….Says Unemployment fuelling drug trafficking

By Michael Eboh & Princess Owoh

The National Drug Law Enforcement Agency NDLEA, said it has seized a total of 56.75 billion kilogrammes of drugs and arrested 85,058 persons for drug and drug-related offences over the last 10 years.


Chairman/Chief Executive of the NDLEA, Colonel Muhammed Abdallah (retd) disclosed this to newsmen during a press briefing to flag off the 2019 International Day against Drug Abuse and Illicit Drug Trafficking.

Abdallah stated that during this ten-year period, the NDLEA secured convictions in 16,937 cases, noting that its drug demand reduction programme , anchored on anti-drug sensitization, treatment and rehabilitation has rescued many people from the menace of drug abuse.

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He said, “Properties and assets of drug traffickers has been seized and forfeited to the Federal Government of Nigeria in accordance with the enabling Act. Nigeria, through the NDLEA has collaborated at bilateral and multilateral levels with others countries to address the drug problem.”

He blamed the country’s rising unemployment for the attractiveness of drug trafficking among the youths of the country, while he called for inter-agency synergy and mutual respect to curb the menace.

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He said, “We need to do more to address the pre-disposing factors that make drugs trafficking and abuse attractive. These factors include unemployment, which makes drug trafficking attractive; under-employment which makes our youth involved in menial jobs that demand exertion of strength to rely on performance enhancing drugs, for example, those riding Okada for 12 hours in a day.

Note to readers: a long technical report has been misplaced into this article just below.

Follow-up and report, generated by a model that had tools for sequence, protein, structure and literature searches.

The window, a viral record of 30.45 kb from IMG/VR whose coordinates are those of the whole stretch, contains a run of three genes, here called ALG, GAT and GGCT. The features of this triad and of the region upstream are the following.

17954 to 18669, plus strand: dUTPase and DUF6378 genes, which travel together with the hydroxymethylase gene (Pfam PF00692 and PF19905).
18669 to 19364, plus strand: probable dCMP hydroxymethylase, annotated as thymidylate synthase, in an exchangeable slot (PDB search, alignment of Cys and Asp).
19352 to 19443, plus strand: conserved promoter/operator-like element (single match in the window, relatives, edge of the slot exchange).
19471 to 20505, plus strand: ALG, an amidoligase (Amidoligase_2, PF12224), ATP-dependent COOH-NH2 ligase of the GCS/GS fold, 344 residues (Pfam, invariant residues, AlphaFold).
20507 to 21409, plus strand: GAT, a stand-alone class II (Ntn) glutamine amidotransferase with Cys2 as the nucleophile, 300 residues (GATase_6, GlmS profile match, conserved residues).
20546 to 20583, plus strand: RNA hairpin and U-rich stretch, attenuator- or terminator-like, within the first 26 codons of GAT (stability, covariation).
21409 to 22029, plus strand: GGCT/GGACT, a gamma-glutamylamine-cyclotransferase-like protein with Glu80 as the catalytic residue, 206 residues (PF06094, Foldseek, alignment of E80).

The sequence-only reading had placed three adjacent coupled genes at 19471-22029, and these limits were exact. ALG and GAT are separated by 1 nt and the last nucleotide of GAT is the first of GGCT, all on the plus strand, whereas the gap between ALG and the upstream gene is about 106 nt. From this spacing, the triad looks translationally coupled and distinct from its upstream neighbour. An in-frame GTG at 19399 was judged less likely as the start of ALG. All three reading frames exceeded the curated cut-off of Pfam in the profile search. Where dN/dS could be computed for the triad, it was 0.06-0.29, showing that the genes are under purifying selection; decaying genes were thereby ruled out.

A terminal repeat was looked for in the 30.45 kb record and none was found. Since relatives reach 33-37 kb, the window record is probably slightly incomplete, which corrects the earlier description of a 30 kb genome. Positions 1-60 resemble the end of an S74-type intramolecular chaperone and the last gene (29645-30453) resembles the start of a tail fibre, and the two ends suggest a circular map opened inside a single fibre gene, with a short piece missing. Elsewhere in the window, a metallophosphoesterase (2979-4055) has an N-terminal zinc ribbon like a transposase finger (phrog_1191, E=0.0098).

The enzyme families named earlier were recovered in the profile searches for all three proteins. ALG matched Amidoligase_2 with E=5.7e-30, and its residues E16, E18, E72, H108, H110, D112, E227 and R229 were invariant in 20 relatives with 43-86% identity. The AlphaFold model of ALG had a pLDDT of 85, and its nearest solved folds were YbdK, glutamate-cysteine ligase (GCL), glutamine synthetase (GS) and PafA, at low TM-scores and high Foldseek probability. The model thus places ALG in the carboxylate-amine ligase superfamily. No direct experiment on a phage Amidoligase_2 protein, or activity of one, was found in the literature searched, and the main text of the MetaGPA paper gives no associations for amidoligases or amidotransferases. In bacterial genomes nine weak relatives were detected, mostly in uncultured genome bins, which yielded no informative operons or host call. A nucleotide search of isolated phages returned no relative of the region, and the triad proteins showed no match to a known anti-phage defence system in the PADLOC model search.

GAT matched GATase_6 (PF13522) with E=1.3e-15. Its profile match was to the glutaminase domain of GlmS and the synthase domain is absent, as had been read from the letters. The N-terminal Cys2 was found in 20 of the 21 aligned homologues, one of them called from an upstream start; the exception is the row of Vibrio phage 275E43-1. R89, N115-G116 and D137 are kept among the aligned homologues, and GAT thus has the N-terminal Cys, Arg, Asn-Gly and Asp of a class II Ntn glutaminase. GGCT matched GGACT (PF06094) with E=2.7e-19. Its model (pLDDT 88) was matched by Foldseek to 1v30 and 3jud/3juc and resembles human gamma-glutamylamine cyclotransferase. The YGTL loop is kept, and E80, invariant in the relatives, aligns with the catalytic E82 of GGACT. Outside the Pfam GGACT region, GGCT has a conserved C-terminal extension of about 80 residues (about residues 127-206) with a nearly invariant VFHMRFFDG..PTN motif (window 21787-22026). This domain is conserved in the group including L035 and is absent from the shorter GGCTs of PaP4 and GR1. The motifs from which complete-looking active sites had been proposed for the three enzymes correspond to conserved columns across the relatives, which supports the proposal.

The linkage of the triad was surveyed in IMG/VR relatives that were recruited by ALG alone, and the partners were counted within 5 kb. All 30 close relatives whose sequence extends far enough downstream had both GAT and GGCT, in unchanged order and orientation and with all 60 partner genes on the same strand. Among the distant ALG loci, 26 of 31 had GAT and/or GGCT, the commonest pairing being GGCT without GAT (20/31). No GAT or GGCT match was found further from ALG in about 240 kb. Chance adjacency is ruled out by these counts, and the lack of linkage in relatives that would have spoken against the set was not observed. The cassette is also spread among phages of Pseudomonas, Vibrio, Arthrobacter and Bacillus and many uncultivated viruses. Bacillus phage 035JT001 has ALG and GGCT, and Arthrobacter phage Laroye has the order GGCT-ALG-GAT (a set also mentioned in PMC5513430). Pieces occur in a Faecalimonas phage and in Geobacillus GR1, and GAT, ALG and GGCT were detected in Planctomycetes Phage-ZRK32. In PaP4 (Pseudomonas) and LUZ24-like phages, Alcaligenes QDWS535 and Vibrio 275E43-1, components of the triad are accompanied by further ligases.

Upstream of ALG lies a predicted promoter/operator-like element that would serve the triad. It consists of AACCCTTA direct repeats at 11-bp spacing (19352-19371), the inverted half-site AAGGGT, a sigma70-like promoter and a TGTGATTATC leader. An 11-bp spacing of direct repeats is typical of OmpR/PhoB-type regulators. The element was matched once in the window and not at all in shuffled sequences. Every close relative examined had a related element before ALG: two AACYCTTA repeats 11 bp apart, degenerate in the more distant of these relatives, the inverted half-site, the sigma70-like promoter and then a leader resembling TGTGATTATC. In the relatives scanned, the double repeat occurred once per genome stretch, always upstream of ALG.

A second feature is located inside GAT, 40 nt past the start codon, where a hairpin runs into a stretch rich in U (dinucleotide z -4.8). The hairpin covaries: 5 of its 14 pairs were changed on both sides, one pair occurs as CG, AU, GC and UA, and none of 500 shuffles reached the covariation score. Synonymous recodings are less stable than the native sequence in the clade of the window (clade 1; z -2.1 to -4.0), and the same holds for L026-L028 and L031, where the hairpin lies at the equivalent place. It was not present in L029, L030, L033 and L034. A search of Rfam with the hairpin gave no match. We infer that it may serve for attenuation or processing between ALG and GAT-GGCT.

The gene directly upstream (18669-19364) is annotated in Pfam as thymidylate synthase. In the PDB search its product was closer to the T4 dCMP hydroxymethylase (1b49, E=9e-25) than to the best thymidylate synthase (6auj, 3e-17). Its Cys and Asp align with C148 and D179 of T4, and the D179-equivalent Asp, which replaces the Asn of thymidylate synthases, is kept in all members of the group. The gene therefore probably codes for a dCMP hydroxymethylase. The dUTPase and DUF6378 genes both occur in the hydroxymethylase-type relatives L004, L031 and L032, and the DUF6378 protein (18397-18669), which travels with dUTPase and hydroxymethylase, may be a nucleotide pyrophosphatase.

“We need to do more to empower the frontline agencies saddled with the anti-drugs control mandates in terms of human, material and financial resources.”

He argued that countries, like Nigeria, should hold themselves responsible if they allow their youth to get hooked on drugs, and thereby becoming incapable of taking the reins of leadership.

Abdallah maintained that the Tramadol crisis that engulfed the country, leading to the seizure in 2018 of about one billion pills and tablets of tramadol, of dosages between 120 miligrammes and 400 miligrammes, was another cause for concern in the country.

He said, “We need to recognize that drugs energise the insecurity prevalent in all parts of the nation. We need to do more to secure the future of our youth and the future generations.

“Let me say at this juncture that it has been argued that while nations may find themselves helpless when faced with challenges such as natural disasters and environmental degradation, they should hold themselves absolutely responsible for allowing the drug scourge to devastate their generations of on-coming youths who through indulgence in drug use become incapable of inheriting a legacy of developmental excellence.”


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